A lease abstract is a document that summarizes specific, key information from a lease agreement. Leases can be lengthy documents with confusing legalese. Lease abstracts allow users to easily reference and review fundamental lease terms to ensure that both the tenant and landlord are in compliance with applicable obligations, timeframes, etc.
This series will go through a typical lease abstract and explain the various terms and what is important for a tenant to understand.
- CAM stands for common area maintenance and is synonymous with operating expenses. These are the costs associated with operating and maintaining the subject property. Leases will generally provide a list of costs included and excluded from operating expenses.
- What’s important – Rental structure, what is included/excluded from operating expenses, historical records/variations, tenant’s proportionate share, audit provisions, etc. In full service leases, operating expenses are included in the basic annual rent. Tenant is only responsible for its pro rata share of any increases in operating expenses in subsequent years over the lease term. A review of the past few years operating expenses is advised. Caps on controllable operating expenses are a point of negotiation. In triple net leases, operating expenses are not included in the basic annual rent and must be paid separately. Tenant’s right to audit landlord’s books is a point of negotiation. Fixed annual increases in lieu of “passthroughs” is a point of negotiation.
Real Estate Taxes
- Any and all general and special taxes levied against the subject property.
- What’s important – Tenant’s proportionate share, special assessments, etc. Real estate taxes are levied by the governing body in which the subject property is located and is generally outside landlord or tenant’s control. Landlord may contest amount of real estate taxes.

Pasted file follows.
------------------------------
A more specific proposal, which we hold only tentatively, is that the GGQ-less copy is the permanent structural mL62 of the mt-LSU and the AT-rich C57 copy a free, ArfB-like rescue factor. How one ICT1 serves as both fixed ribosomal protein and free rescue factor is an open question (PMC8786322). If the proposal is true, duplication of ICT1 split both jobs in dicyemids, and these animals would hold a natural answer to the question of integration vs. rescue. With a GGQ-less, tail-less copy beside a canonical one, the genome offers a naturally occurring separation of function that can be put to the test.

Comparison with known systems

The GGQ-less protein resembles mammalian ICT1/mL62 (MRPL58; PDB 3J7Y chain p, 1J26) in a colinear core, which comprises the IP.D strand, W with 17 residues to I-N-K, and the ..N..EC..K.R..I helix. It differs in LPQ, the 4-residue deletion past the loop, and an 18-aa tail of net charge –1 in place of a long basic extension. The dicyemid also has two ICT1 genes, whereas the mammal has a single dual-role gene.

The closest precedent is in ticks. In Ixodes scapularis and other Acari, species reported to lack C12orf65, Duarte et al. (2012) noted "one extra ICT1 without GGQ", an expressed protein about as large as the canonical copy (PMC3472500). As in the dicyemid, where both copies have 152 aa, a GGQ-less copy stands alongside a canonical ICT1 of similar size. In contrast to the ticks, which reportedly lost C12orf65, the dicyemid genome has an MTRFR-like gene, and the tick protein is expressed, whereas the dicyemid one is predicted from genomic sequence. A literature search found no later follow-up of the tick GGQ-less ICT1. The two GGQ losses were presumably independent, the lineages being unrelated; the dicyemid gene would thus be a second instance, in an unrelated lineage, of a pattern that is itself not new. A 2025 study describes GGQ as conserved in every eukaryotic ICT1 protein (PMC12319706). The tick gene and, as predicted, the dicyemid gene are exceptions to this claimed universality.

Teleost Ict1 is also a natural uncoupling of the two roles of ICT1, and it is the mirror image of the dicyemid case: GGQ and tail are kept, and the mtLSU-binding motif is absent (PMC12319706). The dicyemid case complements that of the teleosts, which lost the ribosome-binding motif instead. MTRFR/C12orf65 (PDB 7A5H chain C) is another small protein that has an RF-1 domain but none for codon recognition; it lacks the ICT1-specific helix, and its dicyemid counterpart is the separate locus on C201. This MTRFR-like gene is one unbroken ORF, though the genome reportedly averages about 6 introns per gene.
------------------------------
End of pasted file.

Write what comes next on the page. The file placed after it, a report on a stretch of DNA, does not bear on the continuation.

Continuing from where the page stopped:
- Applicable in full service or modified gross leases, is the amount of actual or “grossed up” operating expenses and real estate taxes in the first calendar year of the lease term. Tenant is responsible for its pro rate share of any increases in operating expenses and real estate taxes over the Base Year. Uncontrollable expenses, i.e. snow removal are generally excluded from the Base Year.
- What’s important – Tenant’s proportionate share, amount of Base Year expenses, historical records/increases. Tenants are charged for increases but generally do not receive credits for any decreases in operating expenses or real estate taxes.
- Process by which landlord calculates tenant’s proportionate share of operating expenses for a property that is less than fully occupied. Landlord increases its calculation of those expenses that vary with occupancy to reflect the amount of the expenses if the building were fully occupied or percentage thereof.
- What’s important – Amount of the increase/”gross up.” Provisions can range from 90% occupancy to fully leased.